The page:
I think the strongest predictor of entrepreneurship is if your parent was self-employed—a farmer, an entrepreneur. In Canada, because of the structure of our economy, we don't have as much as some other countries do.
I think there are groups like the Learning Partnership, for example, that try to get in even as early as grade 3 and let kids start their own businesses, even if they're just selling things back and forth to each other. There are all sorts of camps. Waterloo runs them. Ryerson runs them. Many universities run them, where kids can come to school in the summer and work on science projects or entrepreneurial ventures, and so on.
There are informal opportunities that are equally important as saying everyone must have a course in entrepreneurship, as they have in China, but I do think it goes to the fundamental culture. It goes to celebrating entrepreneurs as successful role models.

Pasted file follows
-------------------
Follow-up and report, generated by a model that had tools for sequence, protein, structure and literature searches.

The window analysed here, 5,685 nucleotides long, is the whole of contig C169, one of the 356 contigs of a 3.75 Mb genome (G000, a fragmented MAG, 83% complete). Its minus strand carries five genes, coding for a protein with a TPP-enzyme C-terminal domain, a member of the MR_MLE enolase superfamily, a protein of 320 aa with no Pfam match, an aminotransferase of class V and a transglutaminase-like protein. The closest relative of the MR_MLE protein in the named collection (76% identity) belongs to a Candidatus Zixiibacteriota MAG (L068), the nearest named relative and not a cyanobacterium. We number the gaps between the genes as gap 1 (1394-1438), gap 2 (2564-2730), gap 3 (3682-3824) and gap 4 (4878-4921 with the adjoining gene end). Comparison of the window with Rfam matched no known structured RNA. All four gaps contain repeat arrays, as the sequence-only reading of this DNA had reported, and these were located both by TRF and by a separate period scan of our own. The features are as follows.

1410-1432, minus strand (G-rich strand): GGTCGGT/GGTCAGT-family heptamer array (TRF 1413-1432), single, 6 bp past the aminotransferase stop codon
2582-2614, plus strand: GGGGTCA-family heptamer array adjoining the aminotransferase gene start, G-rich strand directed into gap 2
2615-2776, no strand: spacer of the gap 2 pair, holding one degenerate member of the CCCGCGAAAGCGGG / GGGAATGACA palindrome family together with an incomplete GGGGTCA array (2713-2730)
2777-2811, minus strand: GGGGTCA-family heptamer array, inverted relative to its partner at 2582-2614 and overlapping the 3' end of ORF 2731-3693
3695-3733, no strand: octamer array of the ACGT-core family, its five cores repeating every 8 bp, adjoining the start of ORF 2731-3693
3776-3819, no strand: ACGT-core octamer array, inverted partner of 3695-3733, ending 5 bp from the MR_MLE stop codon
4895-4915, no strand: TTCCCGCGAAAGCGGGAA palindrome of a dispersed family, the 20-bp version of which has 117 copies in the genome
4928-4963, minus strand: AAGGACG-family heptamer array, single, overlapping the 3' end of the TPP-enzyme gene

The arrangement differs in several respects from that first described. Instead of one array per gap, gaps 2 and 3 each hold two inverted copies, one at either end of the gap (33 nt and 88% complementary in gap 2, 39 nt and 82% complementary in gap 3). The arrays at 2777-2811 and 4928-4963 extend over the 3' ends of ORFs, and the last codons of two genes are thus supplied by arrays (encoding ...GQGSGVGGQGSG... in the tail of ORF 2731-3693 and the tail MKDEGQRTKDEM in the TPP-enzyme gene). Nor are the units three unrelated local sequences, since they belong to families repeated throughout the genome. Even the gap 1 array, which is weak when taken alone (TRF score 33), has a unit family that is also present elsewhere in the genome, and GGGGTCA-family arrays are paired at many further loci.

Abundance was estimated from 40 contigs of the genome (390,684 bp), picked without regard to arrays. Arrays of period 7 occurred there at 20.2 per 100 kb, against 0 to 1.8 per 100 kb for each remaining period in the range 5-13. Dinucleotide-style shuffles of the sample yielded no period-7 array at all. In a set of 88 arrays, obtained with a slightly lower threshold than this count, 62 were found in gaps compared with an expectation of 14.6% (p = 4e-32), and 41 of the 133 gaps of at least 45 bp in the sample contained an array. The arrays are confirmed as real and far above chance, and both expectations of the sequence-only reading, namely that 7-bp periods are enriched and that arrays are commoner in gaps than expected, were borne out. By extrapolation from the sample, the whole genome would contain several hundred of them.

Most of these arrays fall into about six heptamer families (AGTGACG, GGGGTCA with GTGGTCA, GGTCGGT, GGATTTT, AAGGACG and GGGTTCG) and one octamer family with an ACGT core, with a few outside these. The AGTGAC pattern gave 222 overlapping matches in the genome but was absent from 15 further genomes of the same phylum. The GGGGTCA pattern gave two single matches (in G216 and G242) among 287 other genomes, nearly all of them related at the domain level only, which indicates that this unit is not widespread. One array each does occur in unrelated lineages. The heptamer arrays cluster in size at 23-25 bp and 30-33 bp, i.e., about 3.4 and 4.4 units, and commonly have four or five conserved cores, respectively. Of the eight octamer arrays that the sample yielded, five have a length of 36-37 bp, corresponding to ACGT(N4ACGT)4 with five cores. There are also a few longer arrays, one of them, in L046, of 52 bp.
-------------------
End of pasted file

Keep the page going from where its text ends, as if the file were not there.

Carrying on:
When I talk about my frustrations, to be perfectly honest, the federal government has been very good to Ryerson in terms of supporting some of our out-of-the-box approaches. What I would say is that the traditional models of funding university research and programming tend not to promote innovation, particularly at the federal level. But also at the federal level, it's important to look at what we say our objectives are and make sure we have the processes in place to realize them.
I think we're moving in the right direction, but we can be doing more.